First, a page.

“I can’t make any statements that would be meaningful about the other content management systems under consideration; but if WordPress wants to be taken seriously in environments where accessibility is a legal, ethical, and mission imperative, there’s still a lot of work to be done,” Dolson said.

Studio 24’s evaluation may not have been equitable to the only open source CMS under consideration, but the situation serves to highlight a unique quandary: when using open source software becomes the impractical choice for organizations requiring a high level of accessibility in their authoring tools.

“Studio 24 ultimately determined that working with a CMS to make it better was more possible with a smaller, proprietary vendor than with a large open-source project,” accessibility advocate Brian DeConinck said. “Project leadership would be more receptive, and the smaller community means changes can be made more quickly. That should prompt a lot of soul-searching for…well, everyone. What does that say about the future of open source?”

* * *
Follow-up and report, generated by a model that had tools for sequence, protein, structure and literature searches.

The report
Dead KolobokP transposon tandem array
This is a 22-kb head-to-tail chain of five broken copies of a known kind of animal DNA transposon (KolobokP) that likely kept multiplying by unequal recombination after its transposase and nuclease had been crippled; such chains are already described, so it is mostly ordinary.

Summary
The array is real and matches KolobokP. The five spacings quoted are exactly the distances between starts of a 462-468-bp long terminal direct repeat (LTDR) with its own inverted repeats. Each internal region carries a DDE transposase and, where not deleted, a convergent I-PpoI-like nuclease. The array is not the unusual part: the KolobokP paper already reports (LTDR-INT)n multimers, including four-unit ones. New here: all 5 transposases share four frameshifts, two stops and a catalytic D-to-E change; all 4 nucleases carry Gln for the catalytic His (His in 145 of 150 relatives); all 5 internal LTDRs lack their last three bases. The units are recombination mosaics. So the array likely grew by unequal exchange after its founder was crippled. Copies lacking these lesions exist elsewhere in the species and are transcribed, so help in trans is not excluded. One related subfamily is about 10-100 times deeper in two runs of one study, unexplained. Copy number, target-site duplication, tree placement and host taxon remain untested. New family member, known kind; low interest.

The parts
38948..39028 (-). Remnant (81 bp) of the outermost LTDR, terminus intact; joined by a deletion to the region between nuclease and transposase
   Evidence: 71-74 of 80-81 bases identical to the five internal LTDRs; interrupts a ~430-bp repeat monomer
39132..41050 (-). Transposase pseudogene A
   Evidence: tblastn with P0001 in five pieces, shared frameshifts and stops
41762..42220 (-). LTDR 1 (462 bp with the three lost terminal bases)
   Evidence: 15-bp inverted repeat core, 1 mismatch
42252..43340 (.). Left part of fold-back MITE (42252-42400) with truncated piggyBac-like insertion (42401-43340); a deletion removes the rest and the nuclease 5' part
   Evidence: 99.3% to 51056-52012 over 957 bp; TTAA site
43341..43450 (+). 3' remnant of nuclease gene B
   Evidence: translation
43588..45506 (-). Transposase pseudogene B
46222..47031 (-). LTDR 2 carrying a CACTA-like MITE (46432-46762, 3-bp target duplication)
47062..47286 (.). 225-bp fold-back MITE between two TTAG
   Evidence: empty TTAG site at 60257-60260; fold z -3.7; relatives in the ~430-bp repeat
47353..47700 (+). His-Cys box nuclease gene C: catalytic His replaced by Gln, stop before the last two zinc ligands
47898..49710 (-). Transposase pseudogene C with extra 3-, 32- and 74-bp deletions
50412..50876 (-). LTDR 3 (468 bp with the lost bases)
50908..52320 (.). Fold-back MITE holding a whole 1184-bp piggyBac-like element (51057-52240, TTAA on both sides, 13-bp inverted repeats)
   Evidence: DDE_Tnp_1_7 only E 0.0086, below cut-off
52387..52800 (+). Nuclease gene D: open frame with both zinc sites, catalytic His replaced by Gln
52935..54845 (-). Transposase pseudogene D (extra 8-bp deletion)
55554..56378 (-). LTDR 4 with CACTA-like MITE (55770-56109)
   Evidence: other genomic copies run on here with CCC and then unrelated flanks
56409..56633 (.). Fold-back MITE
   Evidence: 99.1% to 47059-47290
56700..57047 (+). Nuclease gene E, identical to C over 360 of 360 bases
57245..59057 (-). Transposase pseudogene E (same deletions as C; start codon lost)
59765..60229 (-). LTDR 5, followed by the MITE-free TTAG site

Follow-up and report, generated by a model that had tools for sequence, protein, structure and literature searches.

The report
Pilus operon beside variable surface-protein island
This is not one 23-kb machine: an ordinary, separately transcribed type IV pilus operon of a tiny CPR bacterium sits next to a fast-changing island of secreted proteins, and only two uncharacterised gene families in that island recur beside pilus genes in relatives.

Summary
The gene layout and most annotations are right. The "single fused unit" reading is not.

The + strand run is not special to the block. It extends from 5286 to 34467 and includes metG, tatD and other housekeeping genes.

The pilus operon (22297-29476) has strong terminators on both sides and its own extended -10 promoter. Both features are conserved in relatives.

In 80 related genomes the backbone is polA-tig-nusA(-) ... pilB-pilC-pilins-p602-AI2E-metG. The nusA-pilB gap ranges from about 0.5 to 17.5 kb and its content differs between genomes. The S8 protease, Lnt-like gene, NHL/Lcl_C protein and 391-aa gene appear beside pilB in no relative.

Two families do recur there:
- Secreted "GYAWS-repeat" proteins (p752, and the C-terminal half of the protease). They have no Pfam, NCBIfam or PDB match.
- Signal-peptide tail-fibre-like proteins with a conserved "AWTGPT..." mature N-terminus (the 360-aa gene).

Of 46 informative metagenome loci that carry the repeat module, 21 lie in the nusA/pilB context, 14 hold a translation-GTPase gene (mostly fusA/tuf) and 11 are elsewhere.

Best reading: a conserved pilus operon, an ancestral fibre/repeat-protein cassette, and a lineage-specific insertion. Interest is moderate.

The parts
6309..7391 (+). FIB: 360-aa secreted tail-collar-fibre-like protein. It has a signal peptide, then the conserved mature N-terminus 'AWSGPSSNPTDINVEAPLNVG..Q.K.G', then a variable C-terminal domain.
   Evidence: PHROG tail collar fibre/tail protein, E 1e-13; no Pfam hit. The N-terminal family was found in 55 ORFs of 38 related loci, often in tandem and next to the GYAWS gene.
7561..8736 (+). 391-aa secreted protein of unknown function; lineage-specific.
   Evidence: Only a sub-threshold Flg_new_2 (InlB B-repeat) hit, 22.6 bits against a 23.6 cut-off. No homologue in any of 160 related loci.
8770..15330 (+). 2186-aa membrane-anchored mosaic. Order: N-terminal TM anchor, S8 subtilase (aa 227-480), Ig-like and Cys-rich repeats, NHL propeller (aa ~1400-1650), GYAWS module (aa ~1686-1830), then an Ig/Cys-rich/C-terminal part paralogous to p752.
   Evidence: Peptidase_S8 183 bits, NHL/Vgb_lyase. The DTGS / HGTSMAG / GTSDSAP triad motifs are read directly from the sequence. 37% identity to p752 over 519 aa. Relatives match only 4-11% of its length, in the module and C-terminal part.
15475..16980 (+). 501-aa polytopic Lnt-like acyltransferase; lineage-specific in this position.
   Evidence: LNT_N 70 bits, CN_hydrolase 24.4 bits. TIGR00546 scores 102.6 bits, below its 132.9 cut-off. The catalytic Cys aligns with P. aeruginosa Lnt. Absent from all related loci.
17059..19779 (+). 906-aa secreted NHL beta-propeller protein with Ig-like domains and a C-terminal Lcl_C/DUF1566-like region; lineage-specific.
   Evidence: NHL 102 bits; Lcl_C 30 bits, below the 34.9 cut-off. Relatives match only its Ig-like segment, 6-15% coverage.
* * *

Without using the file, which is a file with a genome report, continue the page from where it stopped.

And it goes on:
19 responses to “W3C Selects Craft CMS for Redesign Project”

  1. “Studio 24 ultimately determined that working with a CMS to make it better was more possible with a smaller, proprietary vendor than with a large open-source project,” accessibility advocate Brian DeConinck said. “Project leadership would be more receptive, and the smaller community means changes can be made more quickly.

    That sums the experience of many dealing with the Trac, where bugs and proposals are wontfixed or are left to rot for years and years because they don’t align with core devs values.

  2. I think it’s the best time to ask everyone involved with Gutenberg to rethink their strategy on who their target group[s] is/are.